5) Dress up on Saturday, don’t dress up Sunday.
In reality you can dress up everyday, but Saturday is the biggie for cosplay. It’s the day of the masquerade, however if you are anything like me, you don’t have thousands of dollars and hundreds of hours to spend making hand-forged elven armor. But there is something magical about dressing up, so even if you slap something halfway decent together you won’t feel out of place grabbing a coffee with Boba Fett and She-Ra. I have only attended Comic Con alone or with a small baby, so my options before were limited. With my son I decided to go as Female Bespin Luke with attached baby Yoda. Last year I did Mara Jade. If you are not a serious cosplayer, find a costume that is comfortable to walk around it. And for the love of the many faced god, don’t go barefoot.
Sunday is the short day and though there are still many in costume, let this be your low-key day. Everything is winding down and packing it in. Go in your street clothes so you don’t have to spend the second half of the day wiping Hulk make-up off your torso.
6) Be smart about purchases.
Don’t buy that life-size Wraith first thing in the morning. You really want to carry it around all day? However, morning is a great time to shop. Ask the seller if they will hold large items for you to pick up at the end of the day (they may not but it never hurts to ask). If worse comes to worst and you just can’t make the hike back to your car because the Heroes of Marvel panel is starting in fifteen minutes, there is a bag check for a small fee.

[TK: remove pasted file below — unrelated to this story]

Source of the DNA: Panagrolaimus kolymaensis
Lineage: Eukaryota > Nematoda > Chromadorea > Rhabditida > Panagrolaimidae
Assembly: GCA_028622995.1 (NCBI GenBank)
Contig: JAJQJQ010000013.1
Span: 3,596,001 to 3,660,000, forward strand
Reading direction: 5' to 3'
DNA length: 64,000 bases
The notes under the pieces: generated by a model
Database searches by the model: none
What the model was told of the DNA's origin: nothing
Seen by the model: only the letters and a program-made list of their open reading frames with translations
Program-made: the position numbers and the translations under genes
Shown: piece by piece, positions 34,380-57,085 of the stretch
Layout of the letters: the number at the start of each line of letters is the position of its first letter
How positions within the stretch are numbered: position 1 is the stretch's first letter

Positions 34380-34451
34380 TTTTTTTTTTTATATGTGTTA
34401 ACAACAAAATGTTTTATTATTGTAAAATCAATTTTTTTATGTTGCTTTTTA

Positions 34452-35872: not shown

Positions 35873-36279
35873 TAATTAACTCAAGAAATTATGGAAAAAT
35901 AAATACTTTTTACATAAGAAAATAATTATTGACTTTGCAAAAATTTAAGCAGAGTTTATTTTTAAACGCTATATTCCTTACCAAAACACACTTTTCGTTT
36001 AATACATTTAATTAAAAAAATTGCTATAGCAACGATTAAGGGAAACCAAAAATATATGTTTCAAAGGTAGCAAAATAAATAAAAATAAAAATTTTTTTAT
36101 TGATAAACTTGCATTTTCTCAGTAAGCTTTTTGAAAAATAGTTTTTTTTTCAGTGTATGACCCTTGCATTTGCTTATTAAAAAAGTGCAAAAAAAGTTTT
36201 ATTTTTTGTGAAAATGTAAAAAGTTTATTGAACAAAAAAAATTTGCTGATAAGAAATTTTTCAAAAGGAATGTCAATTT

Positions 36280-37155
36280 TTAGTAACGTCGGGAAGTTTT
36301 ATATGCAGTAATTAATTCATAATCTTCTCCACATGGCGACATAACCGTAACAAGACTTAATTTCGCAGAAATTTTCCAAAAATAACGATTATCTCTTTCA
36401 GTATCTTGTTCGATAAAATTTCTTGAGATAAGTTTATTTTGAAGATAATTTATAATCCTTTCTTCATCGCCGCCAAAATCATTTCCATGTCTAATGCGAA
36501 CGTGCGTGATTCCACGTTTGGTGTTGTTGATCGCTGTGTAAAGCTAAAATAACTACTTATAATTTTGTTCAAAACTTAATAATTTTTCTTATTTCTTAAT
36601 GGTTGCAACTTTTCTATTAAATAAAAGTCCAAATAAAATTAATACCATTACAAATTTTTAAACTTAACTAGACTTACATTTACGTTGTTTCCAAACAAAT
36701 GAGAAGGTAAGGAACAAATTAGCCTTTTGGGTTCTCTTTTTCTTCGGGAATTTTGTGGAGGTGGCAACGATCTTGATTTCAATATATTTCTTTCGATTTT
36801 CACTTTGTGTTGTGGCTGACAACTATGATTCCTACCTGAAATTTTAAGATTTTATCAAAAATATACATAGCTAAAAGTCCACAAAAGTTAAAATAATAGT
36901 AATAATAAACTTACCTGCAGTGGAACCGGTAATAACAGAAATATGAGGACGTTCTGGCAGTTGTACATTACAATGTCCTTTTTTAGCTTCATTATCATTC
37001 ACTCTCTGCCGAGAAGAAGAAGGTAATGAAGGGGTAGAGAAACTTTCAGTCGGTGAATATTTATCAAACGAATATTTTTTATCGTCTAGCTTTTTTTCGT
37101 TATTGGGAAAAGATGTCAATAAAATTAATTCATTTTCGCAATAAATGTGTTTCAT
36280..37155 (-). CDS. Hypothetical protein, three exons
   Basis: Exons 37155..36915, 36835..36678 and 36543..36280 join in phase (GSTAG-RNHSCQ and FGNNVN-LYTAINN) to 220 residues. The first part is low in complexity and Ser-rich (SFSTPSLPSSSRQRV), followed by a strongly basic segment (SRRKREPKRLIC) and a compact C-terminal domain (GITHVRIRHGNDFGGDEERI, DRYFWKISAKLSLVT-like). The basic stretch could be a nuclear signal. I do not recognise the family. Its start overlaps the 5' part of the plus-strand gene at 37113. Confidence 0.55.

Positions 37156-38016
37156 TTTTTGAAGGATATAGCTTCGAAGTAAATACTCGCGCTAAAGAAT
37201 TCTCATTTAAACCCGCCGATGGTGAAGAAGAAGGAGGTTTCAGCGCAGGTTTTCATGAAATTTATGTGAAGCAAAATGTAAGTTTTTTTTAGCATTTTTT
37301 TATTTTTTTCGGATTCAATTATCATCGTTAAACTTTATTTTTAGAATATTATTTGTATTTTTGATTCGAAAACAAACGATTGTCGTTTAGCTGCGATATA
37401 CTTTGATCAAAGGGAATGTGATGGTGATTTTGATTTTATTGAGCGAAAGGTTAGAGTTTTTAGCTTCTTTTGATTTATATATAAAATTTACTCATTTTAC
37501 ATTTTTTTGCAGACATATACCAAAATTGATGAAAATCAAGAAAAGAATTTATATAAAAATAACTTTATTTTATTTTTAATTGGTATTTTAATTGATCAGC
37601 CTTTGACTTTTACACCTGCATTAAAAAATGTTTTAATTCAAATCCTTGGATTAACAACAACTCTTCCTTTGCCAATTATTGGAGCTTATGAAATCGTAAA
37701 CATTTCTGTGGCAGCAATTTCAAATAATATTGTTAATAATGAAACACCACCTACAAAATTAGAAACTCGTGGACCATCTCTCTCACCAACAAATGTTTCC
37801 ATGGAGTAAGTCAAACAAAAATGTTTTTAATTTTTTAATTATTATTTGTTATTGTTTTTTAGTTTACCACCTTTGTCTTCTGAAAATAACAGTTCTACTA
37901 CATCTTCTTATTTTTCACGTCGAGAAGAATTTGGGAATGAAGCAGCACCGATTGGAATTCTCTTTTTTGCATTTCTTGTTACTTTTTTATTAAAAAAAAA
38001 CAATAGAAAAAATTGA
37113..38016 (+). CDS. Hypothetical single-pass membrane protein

7) If you come with others, make it okay to split up.
I met up with my uncle for lunch one day of Comic Con but for the rest of the time we went our separate ways. He wasn’t going to miss out on Veronica Mars because I was dying to hear The Big Bang Theory’s writers discuss their process. It’s okay to split up. Get together for meals, parties and sleeping, but don’t force a group to adhere to one schedule. Go it alone. Everyone will survive and you’ll all be a lot happier if you can see the things you want to see without guilt. Believe me, you’ll make friends in line. See tip #1.
Remember, Comic Con isn’t for everyone. Don’t force significant others into an all-day anime lovefest if they’re not into it too. Comic Con is a marathon, not a sprint, and not everyone wants to run that long. It’s okay to split up.
8) Be on Twitter
Lots of inside and last minute info goes out via twitter. If you don’t have an account, get one. Follow Comic Con (obviously), but don’t forget to also follow your favorite studios, networks, actors, directors, websites, bloggers, etc. etc. etc. NerdHQ is a good one to have bookmarked. In the past they’ve announced their panel ticket sales via Twitter. You can also keep up with line lengths and star sightings by following the right hashtags.
9) Check out the happenings outside the convention center
If you don’t get a badge, and you might not, Comic Con is still pretty fun. It takes over downtown San Diego and the Gas Lamp district, so there is no shortage of things to do. This year I’m going to go the Game of Thrones Experience the Realm instead of panels. Believe me, you’ll probably have to choose one or the other as last year they shut the line down at 11am when they didn’t close until 5pm.
Nerd HQ is another awesome place to hang outside the convention and boasts its own set of panels, entertainment, and even food.
10) Embrace the Wait
You will be waiting in lines. Embrace this idea. Make friends. Bring food.
Hope to see you all there!